One thing I’m glad to see is that the painted squares are visible even before turning into the spots. Right now there are no signs at the front of the spaces but I have talked with the store manager and explained the new Howard County law and the requirement for official regulatory signs in order for the parking ordinance to be enforceable.

Some electric vehicle drivers that I’ve spoken with didn’t realize that both the Montgomery County law and the soon to be effective Howard County ordinance require a certain kind of sign that conforms to specific standards generally outlined in the Federal Manual on Uniform Traffic Control Devices (MUTCD) published by the Federal Highway Administration (FHWA).

Just because there is a charging station, even if it has a sign saying it is a charging station, doesn’t necessarily mean that non-plug-in vehicles can be ticketed for parking there under the new county laws. It will be interesting to see if the green painted symbols alone are effective at discouraging gasoline-only vehicles from parking in front of the charging stations. If you see any that do, let us know via Twitter.


“Towing Enforced” Charging Station Signs at Mosaic District

Seven Charging Stations at Mosaic District in Falls Church, Virginia

I drove my EV to the Mosaic District in Falls Church, VA earlier this week and saw that the signs at the charging stations are a little bit different from last time I visited. The words “towing enforced” were added to the bottom of the simple black and white signs that designate, “electric car parking only while charging.”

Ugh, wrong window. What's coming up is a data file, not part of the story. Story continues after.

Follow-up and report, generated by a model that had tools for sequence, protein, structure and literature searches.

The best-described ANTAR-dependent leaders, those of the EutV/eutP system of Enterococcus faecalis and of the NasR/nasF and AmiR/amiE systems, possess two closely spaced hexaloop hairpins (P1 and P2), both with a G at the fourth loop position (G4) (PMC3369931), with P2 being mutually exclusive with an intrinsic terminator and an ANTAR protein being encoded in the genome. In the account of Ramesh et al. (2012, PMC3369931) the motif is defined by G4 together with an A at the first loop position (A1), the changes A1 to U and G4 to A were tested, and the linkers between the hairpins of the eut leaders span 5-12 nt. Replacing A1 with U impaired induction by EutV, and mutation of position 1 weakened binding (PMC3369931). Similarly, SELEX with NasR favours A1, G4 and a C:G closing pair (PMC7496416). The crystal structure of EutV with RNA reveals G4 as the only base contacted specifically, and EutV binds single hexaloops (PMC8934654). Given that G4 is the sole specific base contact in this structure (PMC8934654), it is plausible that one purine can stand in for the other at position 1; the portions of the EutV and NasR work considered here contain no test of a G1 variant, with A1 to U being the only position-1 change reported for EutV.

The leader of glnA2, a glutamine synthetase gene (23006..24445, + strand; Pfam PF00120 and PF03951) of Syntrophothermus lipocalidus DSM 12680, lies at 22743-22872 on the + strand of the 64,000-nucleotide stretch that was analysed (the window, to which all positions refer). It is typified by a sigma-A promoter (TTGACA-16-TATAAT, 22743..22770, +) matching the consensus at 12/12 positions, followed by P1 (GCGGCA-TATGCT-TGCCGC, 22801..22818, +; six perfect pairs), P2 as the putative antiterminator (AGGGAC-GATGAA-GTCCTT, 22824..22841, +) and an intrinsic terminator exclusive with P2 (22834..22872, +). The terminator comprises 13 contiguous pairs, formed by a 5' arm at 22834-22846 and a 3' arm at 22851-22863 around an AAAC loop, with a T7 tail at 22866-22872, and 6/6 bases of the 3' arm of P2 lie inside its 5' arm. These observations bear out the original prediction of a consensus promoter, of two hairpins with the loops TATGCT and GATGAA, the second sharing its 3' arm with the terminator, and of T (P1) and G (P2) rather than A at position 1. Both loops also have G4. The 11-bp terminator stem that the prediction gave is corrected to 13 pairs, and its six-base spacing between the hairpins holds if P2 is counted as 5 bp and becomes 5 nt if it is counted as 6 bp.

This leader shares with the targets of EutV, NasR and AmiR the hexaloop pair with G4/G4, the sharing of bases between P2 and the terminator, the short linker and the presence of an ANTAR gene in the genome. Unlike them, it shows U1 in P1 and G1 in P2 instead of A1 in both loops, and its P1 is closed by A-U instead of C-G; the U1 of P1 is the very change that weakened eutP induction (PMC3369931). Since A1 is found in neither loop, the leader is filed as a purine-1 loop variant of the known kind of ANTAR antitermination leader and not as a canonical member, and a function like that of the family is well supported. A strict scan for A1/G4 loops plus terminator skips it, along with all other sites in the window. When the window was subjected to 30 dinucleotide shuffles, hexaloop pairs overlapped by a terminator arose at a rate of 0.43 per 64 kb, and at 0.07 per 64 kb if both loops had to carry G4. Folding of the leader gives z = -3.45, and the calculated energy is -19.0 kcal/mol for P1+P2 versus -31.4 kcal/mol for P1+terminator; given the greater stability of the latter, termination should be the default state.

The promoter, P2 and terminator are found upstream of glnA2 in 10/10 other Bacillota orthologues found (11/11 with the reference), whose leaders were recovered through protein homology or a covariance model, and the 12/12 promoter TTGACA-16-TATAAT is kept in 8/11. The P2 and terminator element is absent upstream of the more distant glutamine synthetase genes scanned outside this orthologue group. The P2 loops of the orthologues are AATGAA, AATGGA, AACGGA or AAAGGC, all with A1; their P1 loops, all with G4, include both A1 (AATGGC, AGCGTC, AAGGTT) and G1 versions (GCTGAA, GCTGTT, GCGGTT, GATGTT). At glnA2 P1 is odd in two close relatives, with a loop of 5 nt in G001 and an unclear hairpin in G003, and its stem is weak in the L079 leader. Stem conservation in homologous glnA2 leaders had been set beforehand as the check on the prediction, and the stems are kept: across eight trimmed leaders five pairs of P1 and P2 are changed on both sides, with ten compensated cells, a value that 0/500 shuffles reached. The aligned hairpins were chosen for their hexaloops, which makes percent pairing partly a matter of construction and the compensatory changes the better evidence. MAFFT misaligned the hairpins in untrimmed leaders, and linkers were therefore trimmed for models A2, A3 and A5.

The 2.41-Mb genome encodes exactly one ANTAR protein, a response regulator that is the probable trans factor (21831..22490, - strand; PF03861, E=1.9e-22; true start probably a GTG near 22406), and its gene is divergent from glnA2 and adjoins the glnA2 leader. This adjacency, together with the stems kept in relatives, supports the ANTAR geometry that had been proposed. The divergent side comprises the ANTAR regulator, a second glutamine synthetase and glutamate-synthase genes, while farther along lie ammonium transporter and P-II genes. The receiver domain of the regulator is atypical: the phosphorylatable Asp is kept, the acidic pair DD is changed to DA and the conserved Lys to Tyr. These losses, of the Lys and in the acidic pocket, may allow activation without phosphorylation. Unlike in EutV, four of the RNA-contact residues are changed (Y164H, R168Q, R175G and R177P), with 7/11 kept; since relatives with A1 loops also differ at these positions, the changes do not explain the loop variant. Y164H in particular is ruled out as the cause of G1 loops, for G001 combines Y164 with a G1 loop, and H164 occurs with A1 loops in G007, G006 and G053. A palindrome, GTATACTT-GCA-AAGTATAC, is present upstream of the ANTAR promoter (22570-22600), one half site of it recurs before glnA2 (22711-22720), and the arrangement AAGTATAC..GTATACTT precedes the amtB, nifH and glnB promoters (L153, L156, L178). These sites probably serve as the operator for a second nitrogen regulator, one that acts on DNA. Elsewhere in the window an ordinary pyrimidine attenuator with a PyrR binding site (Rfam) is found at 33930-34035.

MOMs Ford Fusion Energi
A Ford Fusion Energi plug-in hybrid charging at MOM’s Market in Mosaic District, Falls Church, VA.

When I was there about six months ago, I spoke with one of the security guards who told me that they were proactive about keeping non-electric cars out of the spots reserved for charging. If an ICE car is observed in a charging spot, he said they put a warning notice on the car and will tow it if it is not moved in a half-hour.
When the Mosaic District first opened several years ago, the charging stations had no signs at all and were frequently ICEd. I called the General Manager and talked with him about the need for signs. He said that he wanted few signs in the garage to fit with the minimal design aesthetic. He told me he was counting on common courtesy to keep people from parking at the charging stations. I argued that many people won’t even know what the charging stations are without a sign designating them. He agreed to monitor the situation and post signs if they saw it becoming a problem. Of course, it was a problem and the signs went up. Now, with the added warning about towing, the signs will get even more respect.